Tangy Strawberry Oatmeal Bars

My neighbor brought over a pint of strawberries the other day that were way on sale at our local grocer, presumably because they had less than a day left in their natural life before going mushy. Since I happened to have picked up a pint of my own from the same grocer that same morning, I decided to use them for a little treat for our two households to share, and I came up with these bars.

Typically, oatmeal bars are made with jams instead of fresh fruit. They are also often very sweet, but I cut about half the sugar that is recommended in other recipes and topped the bars with a drizzle of yogurt glaze. The result is a mildly sweet and tangy oatmeal bar that won the hearts in our homes that night.

2 cups rolled oats
1  c. flour
1/3 c. brown sugar
1 t. cinnamon
1/4 t. baking powder
1/4 t. salt
1 c. cold butter, cut into small chunks
1 pint strawberries, cleaned and thinly sliced
1/4 c. jam (I used a homemade cranberry jam with a very nice tang, but raspberry or strawberry would be fine)
sprinkling of sugar (optional)
1/2 c. plain Greek yogurt
1/8 to 1/4 c. powder sugar, to taste
1 t. vanilla

Pre-heat your oven to 375° F. Using the butter wrappers, grease the bottom and sides of a 9×13 glass baking dish. In a large bowl, combine the oats, flour, brown sugar, baking powder, and salt. With a knife, your fingers, or the pastry blade on a food processor, cut or rub the butter into the oat mixture until a coarse mix is formed that will stick together, but is not over-blended. Press two-thirds of the oat mixture evenly into the bottom of your greased dish and bake for about 15 minutes, just until the edges begin to brown. Meanwhile, in a medium-sized bowl, sprinkle the sliced strawberries with about a teaspoon of sugar, just to get the juices flowing. Then add the jam and stir to combine. In a small bowl, stir together the yogurt, powdered sugar, and vanilla until smooth, then store in the refrigerator until ready to use. Spread the strawberries evenly over the half-baked crust, then sprinkle the rest of the oat mixture over the top. Return the dish to the oven and bake for about 25 minutes more, until the filling is bubbly and the top is browned. While hot, drizzle the yogurt mixture over the top of the bars with a spoon or small piping bag – you may not use it all, so reserve the rest to eat over granola or fresh fruit.  Allow to cool completely before cutting and store in the refrigerator or freezer.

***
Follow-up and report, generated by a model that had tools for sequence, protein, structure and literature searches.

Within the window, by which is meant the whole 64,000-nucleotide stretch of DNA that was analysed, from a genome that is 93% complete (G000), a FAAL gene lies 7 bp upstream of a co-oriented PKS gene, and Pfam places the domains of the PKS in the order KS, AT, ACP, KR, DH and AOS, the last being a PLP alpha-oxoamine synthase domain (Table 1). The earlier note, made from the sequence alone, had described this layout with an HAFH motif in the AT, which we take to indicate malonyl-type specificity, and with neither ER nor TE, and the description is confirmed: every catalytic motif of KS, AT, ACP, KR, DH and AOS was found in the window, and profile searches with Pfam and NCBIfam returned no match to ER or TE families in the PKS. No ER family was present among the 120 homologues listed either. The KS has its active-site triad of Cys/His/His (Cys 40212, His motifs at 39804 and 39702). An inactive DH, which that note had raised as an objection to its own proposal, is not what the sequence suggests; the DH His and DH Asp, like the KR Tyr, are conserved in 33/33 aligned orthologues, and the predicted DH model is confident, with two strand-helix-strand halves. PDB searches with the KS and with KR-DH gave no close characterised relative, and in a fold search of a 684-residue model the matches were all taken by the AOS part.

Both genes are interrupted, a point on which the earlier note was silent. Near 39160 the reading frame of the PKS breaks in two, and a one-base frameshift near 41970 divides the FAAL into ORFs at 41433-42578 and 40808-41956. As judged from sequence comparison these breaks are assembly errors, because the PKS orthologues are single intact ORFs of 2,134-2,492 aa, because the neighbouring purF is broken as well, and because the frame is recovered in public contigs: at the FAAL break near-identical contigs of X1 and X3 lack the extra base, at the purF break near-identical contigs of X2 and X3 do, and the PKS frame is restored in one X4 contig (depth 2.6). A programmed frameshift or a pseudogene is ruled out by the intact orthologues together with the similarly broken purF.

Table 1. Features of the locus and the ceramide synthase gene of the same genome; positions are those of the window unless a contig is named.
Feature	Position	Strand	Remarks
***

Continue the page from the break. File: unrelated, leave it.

Steel-Cut Oats

Steel-cut oats are one of those things that I avoided for the longest time for no other reason than I just wasn’t familiar with them.  I mean, old-fashioned rolled oats were so easy and familiar – why change, right?  But one day, while I was raiding the bulk section at my grocery store, I decided to get them, and I haven’t turned back since.  They are delicious!  They have a nice nutty flavor and a slightly chewy texture that does not turn to complete mush.  And they’re as easy to make as the rolled oats — they just need about 30 minutes to cook rather than 5-10.  Nutritionally, the steel-cut and rolled varieties are just about equal.  The difference is as implied by the name – either the grain is rolled into flat pieces or cut with a steel blade.  Quick Oats, on the other hand, have gone through a higher level of processing and pre-cooking, which depletes some of the nutritional value, so they are NOT a good choice when with a few extra minutes you can have the real thing!

All you really need is the oats and water, but I like to make them with a few extra ingredients.  This nets about 4 servings.

1 cup steel-cut oats

1 Tbsp. butter

3 cups water

1 cup milk or buttermilk

Melt the butter in a 2-quart saucepan and toss in the oats to coat.  Stir and cook for a couple minutes, until the oats start to brown and smell a little nutty.  Stir in the water (preheated, if you want, so that the oats don’t stop cooking) and allow to come to a simmer.  Cover and keep at a low simmer for about 15 minutes.  Add the milk and cook for about another 10 minutes, or until most of the liquid is absorbed.

If you tend to run out of time in the mornings (um, like most of us!), an alternative cooking method is to combine the grains and water in a pot before going to bed and allow to soak overnight.  In the morning, just turn on the stove and add the milk and simmer on low for about 10 minutes, or until they are done.

Now you can add whatever you want for flavor — fresh, frozen, or dried fruit, nuts, a little cinnamon, or lightly sweeten it with honey, brown sugar, or maple syrup.  What I often do for my 2-year-old is add some frozen blueberries and a couple spoonfuls of plain yogurt, which cools it down quickly and gives it a delicious, creamy texture.  To make the oatmeal more appealing to a wary child, I like to dust the top with my special brown “sprinkles” (flax seed).  Or I’ll bury some raisins at the bottom to dig out like a treasure hunt.  My personal favorite way to eat them is with some mashed banana, cinnamon, and ground walnut…just like banana bread!

Steel-cut oats also hold up well as leftovers.  Just add a little more liquid when re-heating.  I usually make a large enough batch on Mondays to last us through the busy work week.  They are also a good choice for those of us on a budget.  They may cost slightly more by pound than the rolled variety, but since they require more water, they make almost twice as much.  We’d love to hear how you like to eat your steel-cut oats.  Please share with us by adding a comment to this post or by sending us an email to twodancingbuckeyes@gmail.com.